Gift tax. Gifts you make during your lifetime may be subject to federal gift tax. Not all gifts are subject to the tax, however. You can make annual tax-free gifts of up to $15,000 per recipient. Married couples can effectively make annual tax-free gifts of up to $30,000 per recipient. You can also make unlimited tax-free gifts for qualifying expenses paid directly to educational or medical service providers. And you can make deductible transfers to your spouse and to charity. There is a basic exclusion amount that protects a total of up to $11.18 million (in 2018) from gift tax and estate tax. Transfers in excess of the basic exclusion amount are generally taxed at 40%.
Estate tax. Property you own at death is subject to federal estate tax. As with the gift tax, you can make deductible transfers to your spouse and to charity; there is a basic exclusion amount that protects up to $11.18 million (in 2018) from tax, and a tax rate of 40% generally applies to transfers in excess of the basic exclusion amount.
Portability. The estate of a deceased spouse can elect to transfer any unused applicable exclusion amount to his or her surviving spouse (a concept referred to as portability). The surviving spouse can use the unused exclusion of the deceased spouse, along with the surviving spouse's own basic exclusion amount, for federal gift and estate tax purposes. For example, if a spouse died in 2011 and the estate elected to transfer $5 million of the unused exclusion to the surviving spouse, the surviving spouse effectively has an applicable exclusion amount of $16.18 million ($5 million plus $11.18 million) to shelter transfers from federal gift or estate tax in 2018.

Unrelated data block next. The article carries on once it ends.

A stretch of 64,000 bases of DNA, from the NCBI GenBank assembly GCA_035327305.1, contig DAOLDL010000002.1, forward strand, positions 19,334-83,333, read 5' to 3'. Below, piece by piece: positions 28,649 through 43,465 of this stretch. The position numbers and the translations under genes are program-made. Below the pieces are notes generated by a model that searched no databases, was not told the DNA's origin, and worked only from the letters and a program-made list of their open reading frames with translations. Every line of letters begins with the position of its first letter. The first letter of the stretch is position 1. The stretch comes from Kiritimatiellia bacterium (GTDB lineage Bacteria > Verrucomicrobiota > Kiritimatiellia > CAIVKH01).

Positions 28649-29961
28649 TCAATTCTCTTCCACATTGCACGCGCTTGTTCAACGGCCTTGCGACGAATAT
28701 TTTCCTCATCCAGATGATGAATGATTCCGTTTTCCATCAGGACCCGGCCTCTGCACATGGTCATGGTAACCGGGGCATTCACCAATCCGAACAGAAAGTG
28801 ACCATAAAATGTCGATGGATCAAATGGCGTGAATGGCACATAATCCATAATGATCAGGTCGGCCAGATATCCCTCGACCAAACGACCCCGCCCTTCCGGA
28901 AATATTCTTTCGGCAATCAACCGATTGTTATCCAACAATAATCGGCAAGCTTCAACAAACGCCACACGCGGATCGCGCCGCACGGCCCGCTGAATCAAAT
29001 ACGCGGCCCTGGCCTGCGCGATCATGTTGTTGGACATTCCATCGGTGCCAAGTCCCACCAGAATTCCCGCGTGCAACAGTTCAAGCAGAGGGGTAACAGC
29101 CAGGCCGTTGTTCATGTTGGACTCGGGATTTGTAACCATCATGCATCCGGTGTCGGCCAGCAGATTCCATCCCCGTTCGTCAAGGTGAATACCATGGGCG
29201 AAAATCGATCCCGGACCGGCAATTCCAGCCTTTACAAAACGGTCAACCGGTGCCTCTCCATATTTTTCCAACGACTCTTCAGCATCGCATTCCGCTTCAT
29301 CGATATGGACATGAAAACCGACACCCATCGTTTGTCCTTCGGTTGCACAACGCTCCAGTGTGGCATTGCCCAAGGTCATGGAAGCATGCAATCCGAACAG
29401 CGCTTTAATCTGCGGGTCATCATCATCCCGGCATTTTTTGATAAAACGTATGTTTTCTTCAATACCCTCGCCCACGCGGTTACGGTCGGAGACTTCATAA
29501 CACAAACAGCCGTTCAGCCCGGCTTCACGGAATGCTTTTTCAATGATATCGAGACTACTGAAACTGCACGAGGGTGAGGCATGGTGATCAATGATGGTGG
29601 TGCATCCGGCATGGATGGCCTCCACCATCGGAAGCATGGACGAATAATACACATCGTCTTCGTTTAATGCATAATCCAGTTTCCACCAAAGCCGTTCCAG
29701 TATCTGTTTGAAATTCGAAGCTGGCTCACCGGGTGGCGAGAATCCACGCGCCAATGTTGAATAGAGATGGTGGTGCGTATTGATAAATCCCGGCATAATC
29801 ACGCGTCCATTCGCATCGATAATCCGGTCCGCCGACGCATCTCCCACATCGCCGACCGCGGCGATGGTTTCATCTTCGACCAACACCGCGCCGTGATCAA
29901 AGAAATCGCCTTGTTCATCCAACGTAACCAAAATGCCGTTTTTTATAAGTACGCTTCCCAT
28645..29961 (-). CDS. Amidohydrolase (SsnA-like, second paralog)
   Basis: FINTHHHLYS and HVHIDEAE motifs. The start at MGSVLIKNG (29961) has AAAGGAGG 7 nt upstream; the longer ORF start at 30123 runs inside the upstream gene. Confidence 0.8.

Leading retail investment advisory firm and independent broker/dealer LPL Financial LLC announced its annual research publication, Outlook 2019: Fundamental: How to Focus on What Really Matters in the Markets. The report contains investment insights and market guidance covering 2019. Read More ›
Owning shares of stock or stock funds might increase the value of your portfolio in one of two fundamental ways: capital appreciation (i.e., price increases) and dividend payments. Read More ›
Most people will receive Social Security benefits at some point in their lifetimes, but how much do you know about this important source of income? Take this quiz to learn more. Read More ›